DCHindley wrote:. . . Ranke virtually invented the modern concept of "scientific" history, and yes, it is based on the principal of direct correspondence of the events of the past and modern descriptions of those events. That was a "Modernist" POV, confident that scientific examination of evidence can establish true conclusions.
Despite the reputation that seems to have accrued to Ranke, Ranke did in fact recognize problems relating to interpretation of the data. He was not quite as "one-to-one" correspondence as is sometimes said.
But as for the "modernist" pov being "confident that scientific examination of evidence can establish true conclusion", I have serious difficulties with that portrayal of history/historians prior to White and various post-modernist criticisms. It simply is not true of most historians I knew or know anything about. Historians have "always" (at least since Collingwood) acknowledged the difficulties involved with interpretations, points of view, biases in both the sources and in the historians themselves, etc.
Collingwood is a modern advocate for this view that the past can be neutrally reconstructed from the surviving evidence by comparing sources and relics.
That's not the Collingwood I read in The Idea of History
. Far from it.
But keep in mind that the "post-modern" POVs started to question this idea of direct referentiality between past events and our reconstructions of them, and it was not without good reason. It came to be realized by most historians that it was impossible to be entirely [objective], especially in the face of revelations that a modern historian selects his or her facts from an array of evidence (relics) that have survived the ravages of time (the selection process is subjective, no matter how nuanced), and makes this evidence understandable through emplotments that are commonly used by society in the time period and place where the historian wrote.
(I sympathize with your loss of tooth -- I corrected your "subjective" to "objective" -- hope that was correct.)
But this was very much how historians worked before postmodernism came on the scene. Postmodernists didn't discover these things. Ranke, despite his reputation, knew and understood the problem of objectivity/subjectivity, Collingwood especially, and Carr started another debate over what makes a source "historical". And narratives of various kinds were always acknowledged, and how they have to be created by the historian, etc, because "history itself" does not exist "out there".
All of this was pre-postmodernist.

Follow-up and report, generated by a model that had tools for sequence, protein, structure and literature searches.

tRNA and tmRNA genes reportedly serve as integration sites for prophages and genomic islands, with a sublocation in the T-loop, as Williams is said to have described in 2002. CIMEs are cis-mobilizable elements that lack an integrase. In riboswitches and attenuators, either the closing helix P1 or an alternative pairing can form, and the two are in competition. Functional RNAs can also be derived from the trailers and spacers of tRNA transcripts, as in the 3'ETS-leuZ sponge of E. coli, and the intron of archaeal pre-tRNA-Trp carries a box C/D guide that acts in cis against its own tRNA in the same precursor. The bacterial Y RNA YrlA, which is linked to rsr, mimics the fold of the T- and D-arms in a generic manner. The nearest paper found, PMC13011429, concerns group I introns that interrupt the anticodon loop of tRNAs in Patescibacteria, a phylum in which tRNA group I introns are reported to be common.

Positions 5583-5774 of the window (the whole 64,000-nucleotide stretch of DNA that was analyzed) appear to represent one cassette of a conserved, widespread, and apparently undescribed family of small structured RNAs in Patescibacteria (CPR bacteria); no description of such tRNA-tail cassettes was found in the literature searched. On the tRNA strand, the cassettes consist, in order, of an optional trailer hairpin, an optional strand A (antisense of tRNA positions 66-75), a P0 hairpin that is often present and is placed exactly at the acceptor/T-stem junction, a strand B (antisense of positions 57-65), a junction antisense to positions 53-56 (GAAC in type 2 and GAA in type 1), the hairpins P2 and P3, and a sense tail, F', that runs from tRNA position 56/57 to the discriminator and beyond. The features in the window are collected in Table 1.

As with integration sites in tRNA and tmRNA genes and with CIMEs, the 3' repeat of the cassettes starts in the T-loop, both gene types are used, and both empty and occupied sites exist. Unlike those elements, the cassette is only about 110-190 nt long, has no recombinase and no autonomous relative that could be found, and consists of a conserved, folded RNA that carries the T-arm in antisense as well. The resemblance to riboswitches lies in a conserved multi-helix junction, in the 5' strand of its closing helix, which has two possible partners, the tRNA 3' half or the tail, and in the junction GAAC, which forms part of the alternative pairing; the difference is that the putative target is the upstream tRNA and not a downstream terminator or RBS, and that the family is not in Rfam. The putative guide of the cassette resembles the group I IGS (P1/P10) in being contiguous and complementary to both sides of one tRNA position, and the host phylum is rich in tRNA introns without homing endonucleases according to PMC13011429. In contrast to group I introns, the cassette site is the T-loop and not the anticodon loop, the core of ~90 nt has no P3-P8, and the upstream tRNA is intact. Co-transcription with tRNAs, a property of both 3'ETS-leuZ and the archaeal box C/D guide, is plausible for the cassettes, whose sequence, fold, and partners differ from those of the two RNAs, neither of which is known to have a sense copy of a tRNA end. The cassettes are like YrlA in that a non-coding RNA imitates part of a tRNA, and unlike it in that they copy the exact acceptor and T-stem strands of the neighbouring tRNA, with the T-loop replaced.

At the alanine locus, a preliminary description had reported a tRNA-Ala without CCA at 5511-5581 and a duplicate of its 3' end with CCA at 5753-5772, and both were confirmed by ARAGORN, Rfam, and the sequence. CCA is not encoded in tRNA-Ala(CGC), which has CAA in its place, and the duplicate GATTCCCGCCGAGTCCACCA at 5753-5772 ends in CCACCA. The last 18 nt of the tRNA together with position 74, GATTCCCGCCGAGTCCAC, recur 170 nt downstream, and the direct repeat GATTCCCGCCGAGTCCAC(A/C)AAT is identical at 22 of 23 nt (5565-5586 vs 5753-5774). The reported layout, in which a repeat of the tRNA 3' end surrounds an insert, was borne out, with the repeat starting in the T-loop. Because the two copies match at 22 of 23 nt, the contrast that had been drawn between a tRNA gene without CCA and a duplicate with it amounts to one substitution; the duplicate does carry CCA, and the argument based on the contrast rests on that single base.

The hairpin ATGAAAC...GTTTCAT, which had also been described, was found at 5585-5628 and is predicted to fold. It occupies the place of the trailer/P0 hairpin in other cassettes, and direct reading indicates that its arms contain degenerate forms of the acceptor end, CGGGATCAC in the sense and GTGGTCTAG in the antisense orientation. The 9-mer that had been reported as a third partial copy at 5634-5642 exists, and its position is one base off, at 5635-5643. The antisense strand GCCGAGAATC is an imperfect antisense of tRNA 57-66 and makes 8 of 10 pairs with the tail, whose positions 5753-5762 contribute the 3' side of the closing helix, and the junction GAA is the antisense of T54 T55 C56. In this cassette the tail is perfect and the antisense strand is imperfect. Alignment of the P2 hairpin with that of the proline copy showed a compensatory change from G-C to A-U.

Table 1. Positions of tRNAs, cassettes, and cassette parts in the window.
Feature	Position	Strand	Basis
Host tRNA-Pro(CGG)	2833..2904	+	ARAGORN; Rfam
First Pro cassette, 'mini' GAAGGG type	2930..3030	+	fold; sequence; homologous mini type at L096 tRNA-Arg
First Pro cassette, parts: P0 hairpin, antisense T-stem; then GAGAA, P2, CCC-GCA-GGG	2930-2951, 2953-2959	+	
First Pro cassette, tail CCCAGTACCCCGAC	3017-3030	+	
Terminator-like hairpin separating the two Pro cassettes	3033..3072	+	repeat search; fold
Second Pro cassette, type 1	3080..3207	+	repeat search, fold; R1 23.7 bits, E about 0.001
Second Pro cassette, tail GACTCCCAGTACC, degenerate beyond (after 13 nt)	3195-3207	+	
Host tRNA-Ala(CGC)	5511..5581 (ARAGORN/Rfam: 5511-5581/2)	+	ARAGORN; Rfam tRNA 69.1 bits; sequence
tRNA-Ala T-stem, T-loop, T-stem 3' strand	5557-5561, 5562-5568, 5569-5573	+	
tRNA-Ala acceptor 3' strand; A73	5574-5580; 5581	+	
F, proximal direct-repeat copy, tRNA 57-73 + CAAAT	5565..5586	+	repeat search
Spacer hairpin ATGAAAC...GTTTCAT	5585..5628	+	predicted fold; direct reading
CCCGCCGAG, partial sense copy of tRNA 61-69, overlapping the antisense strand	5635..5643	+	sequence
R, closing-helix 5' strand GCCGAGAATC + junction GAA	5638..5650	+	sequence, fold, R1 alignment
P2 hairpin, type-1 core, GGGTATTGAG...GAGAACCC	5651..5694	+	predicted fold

The emplotments are often used subconsciously, without the historian even being aware of the process she/he has employed to explain the evidence s/he has selected. One historian selects a different set of "relevant" evidence to use as his/her facts than another, or even if they select the same set of facts, they can "spin" it many different ways through the process of emplotment. Your example of the bombing of Pearl Harbor by the Japanese in 1941 is a case in point. This does not negate the existence of specific events in the past, but only our explanation of them. One POV selects the evidence that the bombing was effected as a surprise attack. The other stresses the economic pressures that forced the ruling government of Japan to employ that option as a preemptive strike. Yet the bombing still occurred. There is a lot of documentary evidence for that.
My example was taken from the fundamentals of how history works that I learned way back in the 1960s, first high school and then as an undergrad -- where all the talk was Carr's book, What Is History?
What post-structuralists (those who have studied and expanded on the original semiotic principals of structuralism, which had itself realized that the meaning of symbols is entirely arbitrary and based on the way the human brain is structured) do is use this revelation that the meanings are culturally dependent to look not only at the facts being presented by a historian (or narrative) but interpreting the explanation of that historian/writer in light of these issues.
Such discussions have long been conducted among historians. Ever since Collingwood.
Postmodernists have too often gone way too far and tossed out babies with bathwater, though.
It is not an attack on the past or our ability to interpret it! Even M. Fludernik accepts White's POV as valid, and she was actually a student of D. Cohn and cites her quite a bit in the book previously linked. Cohn, at least in 1999, was not so accepting of the POV of White, especially in chapter 7 of her book (boo hoo!). Cohn was critical of White because his definition of "fiction" was a variance with hers. Since, of course, she thought that her definition was better, White was making it harder for her to sell her POV (again, boo hoo!).
I don't become a "fan" of any scholar. I am sure most scholars like to have students who challenge and question what they teach and learn to justify their own enquiries and conclusions.
I have to mow the grass ... again
Mowing the grass can be therapeutic.